2. Many of the staff appointed to investigate and manage cases failed to understand the complexities and nuances of what was really going on in each case, considering matters in a very superficial manner. They lacked either the experience or capability needed to properly analyse cases, showing very clearly the need for more senior and experienced staff to handle them. To be blunt, many of these people lacked the intellectual capacity to cope with the issues in front of them.
3. In some cases, investigators were clearly failing to act independently, either being directed by others in what to do and say, or allowing their own prejudices and views to influence their actions. This was particularly evident in cases involving academic institutions.
4. In some cases, employees had been let down by poorly thought through social media policies. In one case, a policy encouraged staff to name the employer in personal social media accounts; this point was conveniently ignored when the same employer decided to give a disciplinary sanction to an employee because it had received complaints from an activist group which sent it public complaints via Twitter.
The reality is, that when faced with these problems, many employers lack the backbone to protect their staff. Any third party looking at the facts objectively would see that most of the people targeted are, in reality, the victims. That’s not to say that some people don’t go too far and act in ways that are inappropriate online, but in the cases we dealt with that was simply not the case. Innocent people were targeted for expressing their views in a democratic society, reflecting their rights under the Human Rights Act 1998 and their employers dealt appallingly with the issues concerned.
No one was dismissed but unsurprisingly in every case the employees concerned concluded that they had been badly betrayed by their employers and decided to work elsewhere. For the Union, saving these members’ jobs was our first priority and we succeeded in all the cases; but the behaviour of employers left much to be desired.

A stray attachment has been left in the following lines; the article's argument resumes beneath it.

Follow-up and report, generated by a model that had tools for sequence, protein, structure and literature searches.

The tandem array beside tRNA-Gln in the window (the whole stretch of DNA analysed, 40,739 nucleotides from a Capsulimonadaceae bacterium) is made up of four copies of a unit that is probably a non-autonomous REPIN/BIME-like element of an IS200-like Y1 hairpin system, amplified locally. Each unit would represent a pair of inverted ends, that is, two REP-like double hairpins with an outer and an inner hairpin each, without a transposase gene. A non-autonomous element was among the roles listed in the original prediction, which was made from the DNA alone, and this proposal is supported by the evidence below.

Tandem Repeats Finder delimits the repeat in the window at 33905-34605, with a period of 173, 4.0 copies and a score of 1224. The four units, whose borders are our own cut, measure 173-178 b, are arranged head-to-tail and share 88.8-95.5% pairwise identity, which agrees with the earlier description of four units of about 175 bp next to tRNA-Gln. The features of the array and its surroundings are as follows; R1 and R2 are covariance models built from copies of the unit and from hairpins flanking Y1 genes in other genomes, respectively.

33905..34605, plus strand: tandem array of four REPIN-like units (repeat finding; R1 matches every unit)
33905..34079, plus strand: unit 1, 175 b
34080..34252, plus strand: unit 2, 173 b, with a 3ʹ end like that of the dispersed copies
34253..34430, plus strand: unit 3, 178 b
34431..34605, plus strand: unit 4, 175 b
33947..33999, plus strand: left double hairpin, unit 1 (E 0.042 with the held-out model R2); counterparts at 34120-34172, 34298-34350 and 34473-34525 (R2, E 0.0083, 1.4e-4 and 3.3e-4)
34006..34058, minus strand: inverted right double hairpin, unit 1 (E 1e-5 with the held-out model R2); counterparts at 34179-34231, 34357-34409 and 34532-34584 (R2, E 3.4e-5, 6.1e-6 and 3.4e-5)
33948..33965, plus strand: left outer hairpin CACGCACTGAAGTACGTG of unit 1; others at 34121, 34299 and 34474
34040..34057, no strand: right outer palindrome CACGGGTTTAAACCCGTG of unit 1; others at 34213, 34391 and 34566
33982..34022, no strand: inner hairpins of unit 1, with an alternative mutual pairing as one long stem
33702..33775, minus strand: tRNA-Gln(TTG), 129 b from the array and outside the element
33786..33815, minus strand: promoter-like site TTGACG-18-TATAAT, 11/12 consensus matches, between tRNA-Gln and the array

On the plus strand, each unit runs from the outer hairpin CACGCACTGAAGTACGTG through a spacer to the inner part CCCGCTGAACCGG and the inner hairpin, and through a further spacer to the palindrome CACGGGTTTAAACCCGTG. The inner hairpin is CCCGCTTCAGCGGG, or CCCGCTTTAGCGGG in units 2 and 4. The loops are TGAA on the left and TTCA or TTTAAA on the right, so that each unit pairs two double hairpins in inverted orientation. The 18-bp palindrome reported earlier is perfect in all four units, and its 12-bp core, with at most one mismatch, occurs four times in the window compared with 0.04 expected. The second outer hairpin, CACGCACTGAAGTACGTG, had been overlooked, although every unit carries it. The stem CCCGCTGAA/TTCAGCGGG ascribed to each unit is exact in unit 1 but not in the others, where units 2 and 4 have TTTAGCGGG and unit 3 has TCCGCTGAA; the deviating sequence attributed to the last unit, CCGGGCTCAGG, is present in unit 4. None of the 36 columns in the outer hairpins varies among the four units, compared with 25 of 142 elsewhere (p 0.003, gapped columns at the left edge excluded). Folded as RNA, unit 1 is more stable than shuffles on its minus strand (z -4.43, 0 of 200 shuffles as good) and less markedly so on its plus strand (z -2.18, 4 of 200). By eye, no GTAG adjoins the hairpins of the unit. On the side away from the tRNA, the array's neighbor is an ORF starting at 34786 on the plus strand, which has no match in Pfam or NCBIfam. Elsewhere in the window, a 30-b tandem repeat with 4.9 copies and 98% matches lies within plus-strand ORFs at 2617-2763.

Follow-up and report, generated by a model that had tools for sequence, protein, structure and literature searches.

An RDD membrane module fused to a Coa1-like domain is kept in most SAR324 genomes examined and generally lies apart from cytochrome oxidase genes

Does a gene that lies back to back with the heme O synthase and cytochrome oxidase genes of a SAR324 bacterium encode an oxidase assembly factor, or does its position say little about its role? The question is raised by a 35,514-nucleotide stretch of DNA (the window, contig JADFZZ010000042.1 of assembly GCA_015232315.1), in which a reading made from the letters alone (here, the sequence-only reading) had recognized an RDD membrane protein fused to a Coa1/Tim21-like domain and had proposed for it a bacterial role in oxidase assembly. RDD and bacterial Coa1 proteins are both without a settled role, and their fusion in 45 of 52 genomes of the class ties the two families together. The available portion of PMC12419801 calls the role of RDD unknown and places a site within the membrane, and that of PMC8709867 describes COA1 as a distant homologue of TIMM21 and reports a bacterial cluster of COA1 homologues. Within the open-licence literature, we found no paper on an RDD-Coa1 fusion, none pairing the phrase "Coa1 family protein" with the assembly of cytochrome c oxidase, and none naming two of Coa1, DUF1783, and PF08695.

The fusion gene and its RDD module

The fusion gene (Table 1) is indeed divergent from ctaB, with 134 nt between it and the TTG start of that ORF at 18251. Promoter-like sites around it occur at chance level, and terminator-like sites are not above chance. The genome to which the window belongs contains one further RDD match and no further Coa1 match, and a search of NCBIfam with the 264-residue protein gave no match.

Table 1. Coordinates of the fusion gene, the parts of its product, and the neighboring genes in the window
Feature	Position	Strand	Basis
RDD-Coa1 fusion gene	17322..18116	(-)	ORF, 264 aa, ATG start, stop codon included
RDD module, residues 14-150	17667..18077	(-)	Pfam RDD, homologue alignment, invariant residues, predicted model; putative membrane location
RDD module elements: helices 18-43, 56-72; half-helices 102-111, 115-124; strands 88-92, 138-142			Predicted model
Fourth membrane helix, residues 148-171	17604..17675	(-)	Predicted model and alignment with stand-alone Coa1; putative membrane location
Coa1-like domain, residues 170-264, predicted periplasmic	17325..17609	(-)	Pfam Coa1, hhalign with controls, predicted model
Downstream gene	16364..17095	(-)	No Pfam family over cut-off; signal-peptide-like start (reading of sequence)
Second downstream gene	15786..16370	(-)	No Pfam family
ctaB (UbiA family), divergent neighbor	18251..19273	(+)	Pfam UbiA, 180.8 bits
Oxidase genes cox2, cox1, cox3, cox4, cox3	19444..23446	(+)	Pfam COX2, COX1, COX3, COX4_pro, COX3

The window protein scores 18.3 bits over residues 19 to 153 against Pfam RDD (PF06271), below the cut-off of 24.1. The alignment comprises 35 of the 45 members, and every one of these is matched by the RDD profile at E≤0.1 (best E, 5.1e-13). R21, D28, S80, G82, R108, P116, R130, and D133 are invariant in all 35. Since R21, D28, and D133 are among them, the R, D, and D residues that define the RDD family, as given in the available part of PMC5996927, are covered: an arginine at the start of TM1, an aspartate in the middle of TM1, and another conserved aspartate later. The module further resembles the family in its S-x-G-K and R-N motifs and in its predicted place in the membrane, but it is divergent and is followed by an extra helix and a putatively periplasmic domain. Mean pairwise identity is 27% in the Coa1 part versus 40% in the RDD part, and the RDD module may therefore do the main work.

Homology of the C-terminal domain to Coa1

1. Do not assume that if your employer receives a complaint it will be looked at coolly and calmly by people who are sufficiently intelligent, experienced and thoughtful. Too many employers have poorly constructed social media policies and complex, highly nuanced issues are being dealt with by people who are ill-equipped to cope with anything out of the ordinary.
2. The first reaction of many employers to a complaint, even one that is anonymous, is to run for cover. There is a fashion amongst senior executives to describe themselves pompously as ‘leaders’. Yet many of them could not lead people through the checkout at Tesco! One of the ingredients of leadership is courage, moral or physical: we’ve seen precious little courage from the companies who have had to deal with even trivial complaints, often from anonymous complainants. Even when one complainant’s social media history (in which she described herself as liking “to cause trouble”) was brought to the attention of the employer this obviously relevant factor was ignored.
3. It’s a battleground out there! If you plan to post controversial comments go into it with your eyes wide open. Comments made online about individuals can be defamatory, meaning you can be sued, and groups who oppose you may well try to put your employment in jeopardy. It does not make sense to involve yourself in a scrap you don’t really want.
4. If you do become involved in controversy, stop ‘digging’ and call us. Definitely do not talk to your employer until you’ve talked to us. We will give you straight, professional advice and guide you through the essential next steps.
But better still, treat the social media with the caution they deserve and consider going into something less controversial, like politics!